First off, some background: the brain circuits involved in all forms of addiction involve endorphins and dopamine. Endorphins are the feel-good chemicals of the brain. They control reward and pleasure and are also the chemicals of love. Heroin addicts, food addicts, and shopping addicts, for example, seek that endorphin rush. The chemical dopamine is involved in incentive, motivation and ADD/ADHD. Stimulant drugs like cocaine, meth, Adderal, Ritalin, nicotine and caffeine, as well as sexual acting out, extreme sports and workaholism all elevate dopamine levels in the brain.

Dr. Maté‘s work shows that the brain circuitry involving endorphins and dopamine isn’t functioning very well in people susceptible to addiction. Maté notes that in all his work with hardcore dug addicts, there isn’t one who didn’t have tremendous adversity in childhood. And his theory is that susceptibility to addiction (both hardcore and lesser addictions) is caused by early childhood stress, not genetics. Early childhood stress causes the brain to form a compromised endorphin and dopamine system. Thus, as the person grows, he or she has to seek other ways to create these chemicals. This is the self-soothing that we are talking about. The band-aid behaviors.

Maté believes that the world we live in produces stressed-out mothers. (Ya think?!) Who in turn produce stressed-out babies. Going back to work one to six weeks after having a baby, sending the baby off to daycare, is a HUGE stress for both baby and mother. The stress load doesn’t have to be more dramatic than this unnatural separation — even though it often is compounded by a multitude of other problems, especially as child-bearing/rearing becomes more and more a fatherless affair. When mother is stressed, the baby/young child picks up on this and becomes stressed also. This affects the development of the dopamine/endorphin circuitry in the brain.

The point I want to drive home is that it is our lifestyles that are causing stress and addictive behaviors to flourish, not that some people are simply “genetically susceptible” and “there’s nothing we can do about it” (other than pills or therapy). Furthermore, it is the structure of our society that sets up the stress. To stop the pandemic, we need to set up social systems that allow mothers and babies to be together and not feel stressed. All the other approaches are, speaking figuratively, band-aid solutions. —Lauren

  1. By Alexis, age , from Sacramento, CA on 01/26/2011

    For me, the best way to deal with stress is to have someone I can confide in about anything that is bothering me.  I’m lucky enough to have a sister close in age with whom I am very close.  We share a room and have an understanding that we can talk to each other about anything that is bothering us no matter how bad or embarrassing it may be and it just stays between us and we do not judge or criticize each other about anything we confide in each other about.  We also are lucky enough to have a hot tub and sometimes when one or both of us is stressed we get in there to talk.  Since we’re sisters, we can use it together in the nude without any shyness which is the best way to use a hot tub.  Being in the hot bubbling water with nothing on is also very relaxing and helps relieve the stress, but it is secondary to having someone to talk to about what is stressing me.  Before, trying drugs I think everyone should try to see if there is someone like a sister or close friend to talk to.  It works wonders.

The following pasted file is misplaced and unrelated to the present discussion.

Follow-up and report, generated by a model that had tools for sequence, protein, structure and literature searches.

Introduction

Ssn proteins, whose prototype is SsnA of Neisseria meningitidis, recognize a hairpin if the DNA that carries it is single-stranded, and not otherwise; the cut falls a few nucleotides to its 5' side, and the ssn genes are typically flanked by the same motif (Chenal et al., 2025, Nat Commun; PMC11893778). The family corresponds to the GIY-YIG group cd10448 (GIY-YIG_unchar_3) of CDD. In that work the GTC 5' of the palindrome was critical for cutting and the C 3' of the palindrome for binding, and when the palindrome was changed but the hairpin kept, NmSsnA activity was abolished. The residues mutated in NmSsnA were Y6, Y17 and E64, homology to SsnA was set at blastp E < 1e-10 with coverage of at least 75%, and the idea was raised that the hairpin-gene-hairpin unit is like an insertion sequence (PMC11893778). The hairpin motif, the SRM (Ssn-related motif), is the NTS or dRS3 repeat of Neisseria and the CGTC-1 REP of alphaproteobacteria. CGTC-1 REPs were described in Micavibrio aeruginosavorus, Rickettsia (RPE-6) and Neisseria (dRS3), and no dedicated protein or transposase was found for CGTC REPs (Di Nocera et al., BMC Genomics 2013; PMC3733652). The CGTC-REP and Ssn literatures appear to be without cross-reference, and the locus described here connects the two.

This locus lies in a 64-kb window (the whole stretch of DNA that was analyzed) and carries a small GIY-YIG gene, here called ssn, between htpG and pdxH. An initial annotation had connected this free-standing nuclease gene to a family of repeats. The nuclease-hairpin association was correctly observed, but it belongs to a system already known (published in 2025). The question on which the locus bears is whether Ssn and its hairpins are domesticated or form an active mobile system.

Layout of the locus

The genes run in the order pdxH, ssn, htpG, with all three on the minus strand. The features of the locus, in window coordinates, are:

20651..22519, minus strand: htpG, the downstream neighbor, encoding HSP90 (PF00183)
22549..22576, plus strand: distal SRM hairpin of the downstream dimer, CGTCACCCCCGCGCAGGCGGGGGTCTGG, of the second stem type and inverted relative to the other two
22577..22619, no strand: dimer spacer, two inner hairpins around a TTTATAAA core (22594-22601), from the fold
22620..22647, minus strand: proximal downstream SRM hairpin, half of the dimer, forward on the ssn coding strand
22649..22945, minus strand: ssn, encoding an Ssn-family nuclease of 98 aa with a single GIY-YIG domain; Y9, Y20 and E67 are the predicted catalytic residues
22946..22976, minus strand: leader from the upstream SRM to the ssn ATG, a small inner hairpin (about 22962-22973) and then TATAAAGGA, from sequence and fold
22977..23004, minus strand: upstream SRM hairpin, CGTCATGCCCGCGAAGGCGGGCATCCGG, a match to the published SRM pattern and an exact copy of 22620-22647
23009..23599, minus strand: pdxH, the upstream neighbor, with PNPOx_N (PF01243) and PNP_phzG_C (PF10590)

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  2. By Karen, age , from Santa Ana, CA on 01/26/2011

    Many kids I know try to use pot, booze, or other drugs to relieve stress, and from what I can see while it sometimes gives temporary relief it makes things much worse in the long run.  This includes my stepsister who I’ve been stuck sharing a room with the last six months because her mom could no longer handle her, so now I have to suffer.  Sometimes she’s so high she keeps me awake all night and other times she’s totally out of it.  I can’t even have friends over because she totally embarrasses me, like one time I came in with a friend and she was high and bouncing up and down on the bed like it was a trampoline totally nude.

    I stay away from drugs and have found that exercise and other physical activity is the best way to relieve stress.  I’m in much better shape than those who try to use drugs.

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  3. By Patty, age , from Roseville, CA on 01/27/2011

    I feel the same way as Alexis.  Talking things out with my big sister in confidence in our room does much more for me to relieve my stress than pot ever did, and I was lucky enough to stop using it before I got hooked on it too bad.  When I’m really stressed, I take off my clothes and my sister is kind enough to massage me while I talk which also helps me relax, but like Alexis having my sister to talk to is what is most important.  Not everybody is lucky enough to have a sister to confide in like we do.  However, most people should be able to find a friend to talk to rather than using drugs.